Jump to content

Strict vs Transitional CLOSED with thanks in the last post


niche
 Share

Recommended Posts

My misery found company in a topic about validating forms under a strict doctype. http://w3schools.inv...showtopic=43842 What are the pros and cons of strict vs transitional?

Edited by niche
  • Like 2
Link to comment
Share on other sites

The pros to Transitional: No need to worry about CSS, you can just use HTML attributes to style everything. iframes are allowed in Transitional which are usually good in web applications.The pros to Strict: The W3C recommends it. The pros to HTML 5: It allows you to use iframes and at the same time is supported by the W3C and will continue to be supported for a whole long time. I recommend using HTML 5 from now on.

Link to comment
Share on other sites

The pros to Transitional: No need to worry about CSS, you can just use HTML attributes to style everything.
I don't consider that a pro. When I see that sort of thing I consider it a mess. CSS was created for a reason. Transitional allows for a lot of sloppy coding practices. The only real benefit I see with Transitional is the iframes, but as you mentioned, those are allowed in HTML 5 so there is absolutely no reason to use Transitional. Strict, AFAIK, provides better cross-browser support than Transitional. Strict also forces you to be more disciplined with your coding practices, which is always a good thing. I think HTML 5 also enforces a lot of the same rules, but lifts others, like the self closing tags (they are optional now). Personally, I wish the self-closing tags were still required, because I think this:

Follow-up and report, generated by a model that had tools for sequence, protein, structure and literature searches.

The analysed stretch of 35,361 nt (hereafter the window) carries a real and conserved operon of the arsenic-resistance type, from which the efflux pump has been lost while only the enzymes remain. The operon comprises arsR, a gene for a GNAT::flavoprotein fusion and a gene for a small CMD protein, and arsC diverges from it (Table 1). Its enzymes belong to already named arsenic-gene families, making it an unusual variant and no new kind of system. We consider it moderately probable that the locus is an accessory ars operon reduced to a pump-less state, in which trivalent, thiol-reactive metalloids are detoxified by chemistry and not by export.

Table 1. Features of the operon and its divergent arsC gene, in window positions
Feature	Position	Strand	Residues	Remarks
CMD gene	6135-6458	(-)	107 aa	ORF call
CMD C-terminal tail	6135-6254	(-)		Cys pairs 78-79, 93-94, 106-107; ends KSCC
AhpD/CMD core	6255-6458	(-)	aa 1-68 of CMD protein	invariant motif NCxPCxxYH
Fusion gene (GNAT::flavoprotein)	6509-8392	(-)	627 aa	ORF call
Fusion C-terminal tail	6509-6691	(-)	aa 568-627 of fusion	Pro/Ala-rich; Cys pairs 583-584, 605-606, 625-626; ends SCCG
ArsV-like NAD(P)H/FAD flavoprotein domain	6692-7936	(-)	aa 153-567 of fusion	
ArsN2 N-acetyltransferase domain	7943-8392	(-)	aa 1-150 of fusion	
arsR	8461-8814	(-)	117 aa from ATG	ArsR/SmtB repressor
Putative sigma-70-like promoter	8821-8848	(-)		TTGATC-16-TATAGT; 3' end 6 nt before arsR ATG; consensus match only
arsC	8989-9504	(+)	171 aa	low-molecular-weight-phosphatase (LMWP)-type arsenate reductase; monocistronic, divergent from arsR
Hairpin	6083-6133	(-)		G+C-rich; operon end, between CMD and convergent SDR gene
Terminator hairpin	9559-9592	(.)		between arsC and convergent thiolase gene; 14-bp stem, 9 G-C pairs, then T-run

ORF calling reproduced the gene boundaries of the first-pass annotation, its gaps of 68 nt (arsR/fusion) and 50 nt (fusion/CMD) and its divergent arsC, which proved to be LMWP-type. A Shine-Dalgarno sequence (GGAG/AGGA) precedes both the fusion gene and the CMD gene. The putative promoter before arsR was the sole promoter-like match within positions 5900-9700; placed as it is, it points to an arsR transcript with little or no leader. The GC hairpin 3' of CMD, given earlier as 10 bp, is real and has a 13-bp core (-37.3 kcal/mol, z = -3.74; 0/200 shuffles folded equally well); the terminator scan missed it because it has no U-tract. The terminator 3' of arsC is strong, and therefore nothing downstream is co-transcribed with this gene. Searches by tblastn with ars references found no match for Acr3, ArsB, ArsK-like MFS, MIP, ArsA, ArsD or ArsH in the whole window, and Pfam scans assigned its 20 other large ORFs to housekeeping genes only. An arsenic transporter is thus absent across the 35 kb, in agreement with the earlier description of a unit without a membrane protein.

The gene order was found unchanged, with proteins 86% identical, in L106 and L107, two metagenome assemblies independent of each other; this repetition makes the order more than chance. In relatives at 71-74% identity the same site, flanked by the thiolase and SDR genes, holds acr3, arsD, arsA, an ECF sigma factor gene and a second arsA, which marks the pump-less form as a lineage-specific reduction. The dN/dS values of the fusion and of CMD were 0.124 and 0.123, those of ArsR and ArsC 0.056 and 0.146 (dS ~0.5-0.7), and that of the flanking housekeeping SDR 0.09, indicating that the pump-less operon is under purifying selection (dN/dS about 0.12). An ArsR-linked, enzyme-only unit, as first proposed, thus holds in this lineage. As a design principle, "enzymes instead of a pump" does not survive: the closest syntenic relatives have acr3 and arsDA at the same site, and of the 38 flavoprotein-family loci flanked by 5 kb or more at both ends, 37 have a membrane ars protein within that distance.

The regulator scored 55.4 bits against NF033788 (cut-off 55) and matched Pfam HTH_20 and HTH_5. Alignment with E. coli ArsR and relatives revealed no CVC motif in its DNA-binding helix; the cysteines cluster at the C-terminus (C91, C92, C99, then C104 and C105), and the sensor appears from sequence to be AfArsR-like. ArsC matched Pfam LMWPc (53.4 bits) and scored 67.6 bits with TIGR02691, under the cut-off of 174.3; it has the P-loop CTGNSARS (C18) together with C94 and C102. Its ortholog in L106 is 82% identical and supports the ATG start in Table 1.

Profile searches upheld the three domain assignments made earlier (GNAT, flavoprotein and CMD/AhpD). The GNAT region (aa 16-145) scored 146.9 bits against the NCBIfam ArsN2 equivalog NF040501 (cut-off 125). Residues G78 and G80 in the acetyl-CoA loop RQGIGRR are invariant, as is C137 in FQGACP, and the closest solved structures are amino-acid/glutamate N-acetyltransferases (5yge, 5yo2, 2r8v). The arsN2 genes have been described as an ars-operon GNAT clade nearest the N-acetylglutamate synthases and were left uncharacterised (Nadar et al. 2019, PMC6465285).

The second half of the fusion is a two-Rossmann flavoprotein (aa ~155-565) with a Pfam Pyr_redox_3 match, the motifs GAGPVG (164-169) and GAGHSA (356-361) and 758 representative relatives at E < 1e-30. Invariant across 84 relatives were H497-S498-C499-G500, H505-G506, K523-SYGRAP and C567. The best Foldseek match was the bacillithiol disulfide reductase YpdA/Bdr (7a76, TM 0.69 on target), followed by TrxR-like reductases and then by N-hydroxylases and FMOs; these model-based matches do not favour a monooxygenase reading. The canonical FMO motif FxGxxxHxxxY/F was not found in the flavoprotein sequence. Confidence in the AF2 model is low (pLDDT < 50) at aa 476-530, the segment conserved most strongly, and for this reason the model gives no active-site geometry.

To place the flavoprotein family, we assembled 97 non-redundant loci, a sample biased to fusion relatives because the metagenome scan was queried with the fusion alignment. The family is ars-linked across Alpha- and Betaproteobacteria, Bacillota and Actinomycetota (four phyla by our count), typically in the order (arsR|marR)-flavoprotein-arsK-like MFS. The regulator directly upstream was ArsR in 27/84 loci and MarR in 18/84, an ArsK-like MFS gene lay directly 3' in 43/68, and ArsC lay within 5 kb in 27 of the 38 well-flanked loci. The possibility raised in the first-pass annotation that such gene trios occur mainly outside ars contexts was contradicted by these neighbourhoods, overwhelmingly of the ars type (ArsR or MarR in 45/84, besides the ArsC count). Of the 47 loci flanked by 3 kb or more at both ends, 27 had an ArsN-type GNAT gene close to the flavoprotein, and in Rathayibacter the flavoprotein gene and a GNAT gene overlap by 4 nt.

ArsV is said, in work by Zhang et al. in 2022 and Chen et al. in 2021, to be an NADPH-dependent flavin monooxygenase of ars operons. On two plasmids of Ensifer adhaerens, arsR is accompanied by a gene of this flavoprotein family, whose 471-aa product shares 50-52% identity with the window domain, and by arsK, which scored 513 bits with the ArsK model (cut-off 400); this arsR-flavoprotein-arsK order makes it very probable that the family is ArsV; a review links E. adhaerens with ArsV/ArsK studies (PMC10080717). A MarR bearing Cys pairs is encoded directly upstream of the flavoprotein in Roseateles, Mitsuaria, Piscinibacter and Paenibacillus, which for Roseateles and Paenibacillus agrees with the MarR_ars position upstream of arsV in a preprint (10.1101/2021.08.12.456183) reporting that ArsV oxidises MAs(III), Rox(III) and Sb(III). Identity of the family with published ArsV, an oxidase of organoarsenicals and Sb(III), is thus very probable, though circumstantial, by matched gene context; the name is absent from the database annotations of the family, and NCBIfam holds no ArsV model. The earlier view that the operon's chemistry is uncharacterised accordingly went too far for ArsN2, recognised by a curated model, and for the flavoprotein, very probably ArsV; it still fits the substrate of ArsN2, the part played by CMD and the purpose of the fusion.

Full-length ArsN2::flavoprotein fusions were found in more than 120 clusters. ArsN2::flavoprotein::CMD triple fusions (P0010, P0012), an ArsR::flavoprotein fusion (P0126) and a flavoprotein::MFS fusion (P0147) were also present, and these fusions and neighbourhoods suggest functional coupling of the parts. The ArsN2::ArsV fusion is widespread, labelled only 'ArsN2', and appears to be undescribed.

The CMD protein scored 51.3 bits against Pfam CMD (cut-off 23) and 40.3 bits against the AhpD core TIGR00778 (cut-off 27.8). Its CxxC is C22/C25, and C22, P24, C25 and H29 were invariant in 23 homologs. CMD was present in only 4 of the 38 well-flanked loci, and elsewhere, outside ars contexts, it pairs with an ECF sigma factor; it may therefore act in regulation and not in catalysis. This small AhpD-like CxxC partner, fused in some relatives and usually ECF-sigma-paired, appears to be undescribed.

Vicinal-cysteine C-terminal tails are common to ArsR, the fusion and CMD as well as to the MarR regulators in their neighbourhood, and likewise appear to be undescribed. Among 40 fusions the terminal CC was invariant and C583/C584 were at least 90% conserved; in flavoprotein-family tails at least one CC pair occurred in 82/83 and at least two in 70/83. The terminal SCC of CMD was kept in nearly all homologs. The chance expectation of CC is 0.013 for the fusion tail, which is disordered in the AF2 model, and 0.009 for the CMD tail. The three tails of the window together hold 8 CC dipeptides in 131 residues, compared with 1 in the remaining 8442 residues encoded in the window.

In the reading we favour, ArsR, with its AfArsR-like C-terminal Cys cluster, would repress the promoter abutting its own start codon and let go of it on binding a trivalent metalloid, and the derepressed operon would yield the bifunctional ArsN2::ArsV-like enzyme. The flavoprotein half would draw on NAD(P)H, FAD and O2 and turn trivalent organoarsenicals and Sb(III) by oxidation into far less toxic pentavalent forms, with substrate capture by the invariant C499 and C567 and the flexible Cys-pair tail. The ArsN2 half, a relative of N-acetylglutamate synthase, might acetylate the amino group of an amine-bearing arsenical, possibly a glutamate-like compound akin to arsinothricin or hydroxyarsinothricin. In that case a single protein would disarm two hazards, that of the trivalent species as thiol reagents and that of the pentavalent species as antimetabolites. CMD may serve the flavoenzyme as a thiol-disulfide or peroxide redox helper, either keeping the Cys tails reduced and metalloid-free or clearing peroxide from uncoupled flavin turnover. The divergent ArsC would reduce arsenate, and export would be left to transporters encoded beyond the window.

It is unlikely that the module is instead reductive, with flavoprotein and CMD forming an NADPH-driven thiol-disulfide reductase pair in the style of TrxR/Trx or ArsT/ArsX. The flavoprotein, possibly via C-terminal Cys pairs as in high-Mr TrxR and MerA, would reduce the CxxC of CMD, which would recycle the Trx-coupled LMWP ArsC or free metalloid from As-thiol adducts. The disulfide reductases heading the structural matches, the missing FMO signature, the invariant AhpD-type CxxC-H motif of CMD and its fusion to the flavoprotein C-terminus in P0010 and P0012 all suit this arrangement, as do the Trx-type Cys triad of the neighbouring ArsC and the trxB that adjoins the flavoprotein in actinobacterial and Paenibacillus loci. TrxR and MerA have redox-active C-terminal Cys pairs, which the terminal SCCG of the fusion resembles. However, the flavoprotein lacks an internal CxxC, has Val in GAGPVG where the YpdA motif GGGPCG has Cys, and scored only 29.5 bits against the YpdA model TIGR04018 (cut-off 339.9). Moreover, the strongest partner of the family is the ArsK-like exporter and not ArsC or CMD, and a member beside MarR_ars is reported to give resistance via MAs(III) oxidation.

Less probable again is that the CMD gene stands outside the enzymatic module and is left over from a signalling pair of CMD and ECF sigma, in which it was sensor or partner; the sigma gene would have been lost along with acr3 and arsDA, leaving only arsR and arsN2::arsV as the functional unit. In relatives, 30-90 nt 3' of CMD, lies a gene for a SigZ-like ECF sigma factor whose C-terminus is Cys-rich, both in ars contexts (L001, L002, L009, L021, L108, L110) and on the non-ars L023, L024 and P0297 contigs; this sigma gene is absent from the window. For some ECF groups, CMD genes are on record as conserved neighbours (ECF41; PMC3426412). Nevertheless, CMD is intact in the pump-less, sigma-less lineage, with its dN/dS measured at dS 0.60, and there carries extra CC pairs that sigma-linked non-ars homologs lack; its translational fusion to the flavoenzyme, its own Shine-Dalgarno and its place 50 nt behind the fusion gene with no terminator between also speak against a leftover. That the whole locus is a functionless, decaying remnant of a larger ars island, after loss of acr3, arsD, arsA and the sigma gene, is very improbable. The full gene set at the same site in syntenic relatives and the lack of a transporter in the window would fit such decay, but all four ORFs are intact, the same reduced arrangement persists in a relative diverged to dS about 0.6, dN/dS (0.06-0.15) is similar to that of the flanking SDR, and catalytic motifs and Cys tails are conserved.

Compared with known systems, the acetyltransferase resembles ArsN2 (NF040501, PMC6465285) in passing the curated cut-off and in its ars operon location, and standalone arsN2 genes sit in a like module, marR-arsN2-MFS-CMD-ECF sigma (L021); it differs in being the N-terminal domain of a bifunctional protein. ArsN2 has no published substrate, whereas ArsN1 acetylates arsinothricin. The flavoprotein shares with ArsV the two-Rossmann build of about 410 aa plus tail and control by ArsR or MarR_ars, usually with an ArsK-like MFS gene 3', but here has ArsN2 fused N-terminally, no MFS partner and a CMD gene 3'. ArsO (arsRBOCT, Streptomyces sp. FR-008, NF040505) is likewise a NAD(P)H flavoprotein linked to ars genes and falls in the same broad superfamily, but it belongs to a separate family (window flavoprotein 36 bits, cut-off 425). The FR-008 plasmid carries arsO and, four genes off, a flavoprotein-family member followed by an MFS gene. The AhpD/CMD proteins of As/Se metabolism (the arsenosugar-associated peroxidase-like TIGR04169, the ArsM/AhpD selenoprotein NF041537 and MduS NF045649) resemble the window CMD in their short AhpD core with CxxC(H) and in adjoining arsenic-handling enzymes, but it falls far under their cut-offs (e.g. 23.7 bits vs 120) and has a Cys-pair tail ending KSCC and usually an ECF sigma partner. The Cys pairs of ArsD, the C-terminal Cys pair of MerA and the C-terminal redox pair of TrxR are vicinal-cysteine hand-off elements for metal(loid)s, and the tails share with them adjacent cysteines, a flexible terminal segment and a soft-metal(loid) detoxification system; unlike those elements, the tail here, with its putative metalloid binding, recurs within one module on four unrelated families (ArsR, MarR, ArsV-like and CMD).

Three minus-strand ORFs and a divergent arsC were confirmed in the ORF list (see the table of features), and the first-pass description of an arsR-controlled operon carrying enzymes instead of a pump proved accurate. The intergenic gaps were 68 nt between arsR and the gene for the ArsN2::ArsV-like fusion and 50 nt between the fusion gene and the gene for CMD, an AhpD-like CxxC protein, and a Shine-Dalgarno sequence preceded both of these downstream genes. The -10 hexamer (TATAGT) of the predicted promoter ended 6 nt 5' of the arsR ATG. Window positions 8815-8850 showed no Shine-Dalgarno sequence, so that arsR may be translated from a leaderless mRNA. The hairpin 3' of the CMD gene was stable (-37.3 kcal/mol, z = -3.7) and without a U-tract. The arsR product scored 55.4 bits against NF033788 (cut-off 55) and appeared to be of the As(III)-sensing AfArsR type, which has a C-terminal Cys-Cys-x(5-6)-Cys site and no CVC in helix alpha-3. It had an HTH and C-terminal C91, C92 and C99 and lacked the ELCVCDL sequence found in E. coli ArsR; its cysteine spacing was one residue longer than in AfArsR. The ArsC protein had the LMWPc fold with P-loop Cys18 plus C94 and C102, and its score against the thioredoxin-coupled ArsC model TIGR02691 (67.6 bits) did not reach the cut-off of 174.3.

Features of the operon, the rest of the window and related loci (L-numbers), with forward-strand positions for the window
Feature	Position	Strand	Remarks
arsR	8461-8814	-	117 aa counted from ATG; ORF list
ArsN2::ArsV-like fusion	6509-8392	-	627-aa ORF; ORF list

<img src='something.jpg' alt='something'>

is sloppy and confusing. It's an opening tag with no closing tag. EDIT: I just remembered that the self-closing tags are XHTML not HTML. Either way, I still wish they were required.

Edited by ShadowMage
Link to comment
Share on other sites

Guest So Called

I switched to 4.01 strict a few years ago. It's working satisfactorily for me and I do not expect to change anytime soon.

Link to comment
Share on other sites

I've been using HTML 4.01 Strict until a majority of browsers supported HTML 5. I don't see an actual need for the /> on self-closing tags. It's not really a bad practise, in HTML 4.01 the validator gives a warning if you use them.

Link to comment
Share on other sites

Guest So Called
I don't see an actual need for the /> on self-closing tags.
It sounds a bit obsessive compulsive. It's not like browsers require it. It satisfies somebody's sense of neatness.
Link to comment
Share on other sites

Guest So Called

In a way it sort of satisfies my own sense of neatness. I don't mind the < ... /> tags.

Edited by So Called
Link to comment
Share on other sites

Thanks for everyone's help on this topic especially Ingolme, Shadow Mage, So Called, and justsomeguy.

Link to comment
Share on other sites

Create an account or sign in to comment

You need to be a member in order to leave a comment

Create an account

Sign up for a new account in our community. It's easy!

Register a new account

Sign in

Already have an account? Sign in here.

Sign In Now
 Share

×
×
  • Create New...